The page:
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Clean Power solar canals

Published on March 24th, 2013 | by Zachary Shahan

11

India’s Solar Canals

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March 24th, 2013 by Zachary Shahan
 
Reposted from Solar Love:

I recently ran across this awesome image from Greenpeace International over on Google+:

solar canals

Luckily, the Google+ share also included a link to an Indian business site that had more details. The Hindu Business Line writes:

Close on heels of commencing use of wastelands in northern districts and rooftops in towns and cities, Gujarat is set to potentially use the existing 19,000 km-long network of Narmada canals across the State for setting up solar panels to generate power.

The Chief Minister, Mr Narendra Modi, will inaugurate the first of a series of this project, known as Canal Solar Power Project, when he launches a 1 megawatt (mw) pilot project, which is already commissioned, on Narmada branch canal near Chandrasan village of Kadi taluka in Mehsana district on Tuesday.



 
However, this can’t be new, since the date on the article is April 23 (no year) and the next line is: “Last week, he inaugurated a 600-MW solar power project spread across 11 districts. This included a 214MW Solar Power Park, the largest such generation centre at a single location in Asia.” This occurred last April. I assume the canal solar project is now complete and solar power is being generated for the local communities, but I’m not actually finding any updates to the original story. So, for now, here are just some more details from The Hindu Business Line:

The pilot project has been developed on a 750-m stretch of the canal by Gujarat State Electricity Corporation (GSECL) with support from Sardar Sarovar Narmada Nigam Ltd (SSNNL), which owns and maintains the canal network….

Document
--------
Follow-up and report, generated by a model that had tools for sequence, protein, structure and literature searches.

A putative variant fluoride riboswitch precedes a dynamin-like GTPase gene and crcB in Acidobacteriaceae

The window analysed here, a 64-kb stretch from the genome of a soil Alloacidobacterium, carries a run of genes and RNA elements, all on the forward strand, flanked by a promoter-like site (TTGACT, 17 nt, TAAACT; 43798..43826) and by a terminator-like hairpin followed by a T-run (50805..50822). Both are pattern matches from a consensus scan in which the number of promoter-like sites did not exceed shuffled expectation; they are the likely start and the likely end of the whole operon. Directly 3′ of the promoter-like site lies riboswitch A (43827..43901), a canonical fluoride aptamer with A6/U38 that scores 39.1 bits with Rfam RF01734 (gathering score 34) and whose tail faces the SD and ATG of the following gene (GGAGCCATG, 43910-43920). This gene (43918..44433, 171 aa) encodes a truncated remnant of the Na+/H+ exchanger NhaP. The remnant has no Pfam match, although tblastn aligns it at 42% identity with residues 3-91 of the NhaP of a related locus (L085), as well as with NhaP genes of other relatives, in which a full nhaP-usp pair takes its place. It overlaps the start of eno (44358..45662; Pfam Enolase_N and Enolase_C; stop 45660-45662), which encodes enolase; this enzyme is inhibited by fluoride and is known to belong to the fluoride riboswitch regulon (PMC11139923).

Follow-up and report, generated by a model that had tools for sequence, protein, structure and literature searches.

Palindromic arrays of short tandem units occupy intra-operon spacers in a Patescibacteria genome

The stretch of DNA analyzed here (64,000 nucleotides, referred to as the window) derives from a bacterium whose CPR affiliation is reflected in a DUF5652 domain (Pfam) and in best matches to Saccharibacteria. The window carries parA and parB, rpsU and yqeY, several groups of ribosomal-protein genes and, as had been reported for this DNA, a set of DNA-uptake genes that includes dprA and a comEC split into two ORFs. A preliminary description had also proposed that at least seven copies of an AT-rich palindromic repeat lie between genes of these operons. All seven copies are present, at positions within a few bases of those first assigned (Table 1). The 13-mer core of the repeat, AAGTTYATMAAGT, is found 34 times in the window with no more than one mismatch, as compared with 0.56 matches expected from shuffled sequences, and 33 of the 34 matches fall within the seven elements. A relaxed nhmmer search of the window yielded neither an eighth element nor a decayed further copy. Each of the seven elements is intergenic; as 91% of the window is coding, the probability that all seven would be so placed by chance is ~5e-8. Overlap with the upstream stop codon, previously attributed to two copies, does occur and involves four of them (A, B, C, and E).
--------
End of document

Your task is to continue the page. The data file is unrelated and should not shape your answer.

The pilot project will generate 16 lakh units of clean energy per annum and also prevent evaporation of 90 lakh litres of water annually from the canal….

The cost of per megawatt of solar power, in this case, is likely to be much less than the estimated Rs 10-11 crore, as the two banks of the canal will be used to cover the canal by installing solar power panel and the government will not have to spend much on creating basic infrastructure, including land acquisition….

When completed, the SSNNL’s canal network will be about 85,000 km long.

Assuming a utilisation of only 10 per cent of the existing canal network of 19,000 km, it is estimated that 2,200 MW of solar power generating capacity can be installed by covering the canals with solar panels.

This also implies that 11,000 acres of land can be potentially conserved along with about 2,000 crore litres of water saved per annum.

Seems like a logical combination.

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About the Author

is the director of CleanTechnica, the most popular cleantech-focused website in the world, and Planetsave, a world-leading green and science news site. He has been covering green news of various sorts since 2008, and he has been especially focused on solar energy, electric vehicles, and wind energy since 2009. Aside from his work on CleanTechnica and Planetsave, he's the founder and director of Solar Love, EV Obsession, and Bikocity. To connect with Zach on some of your favorite social networks, go to ZacharyShahan.com and click on the relevant buttons.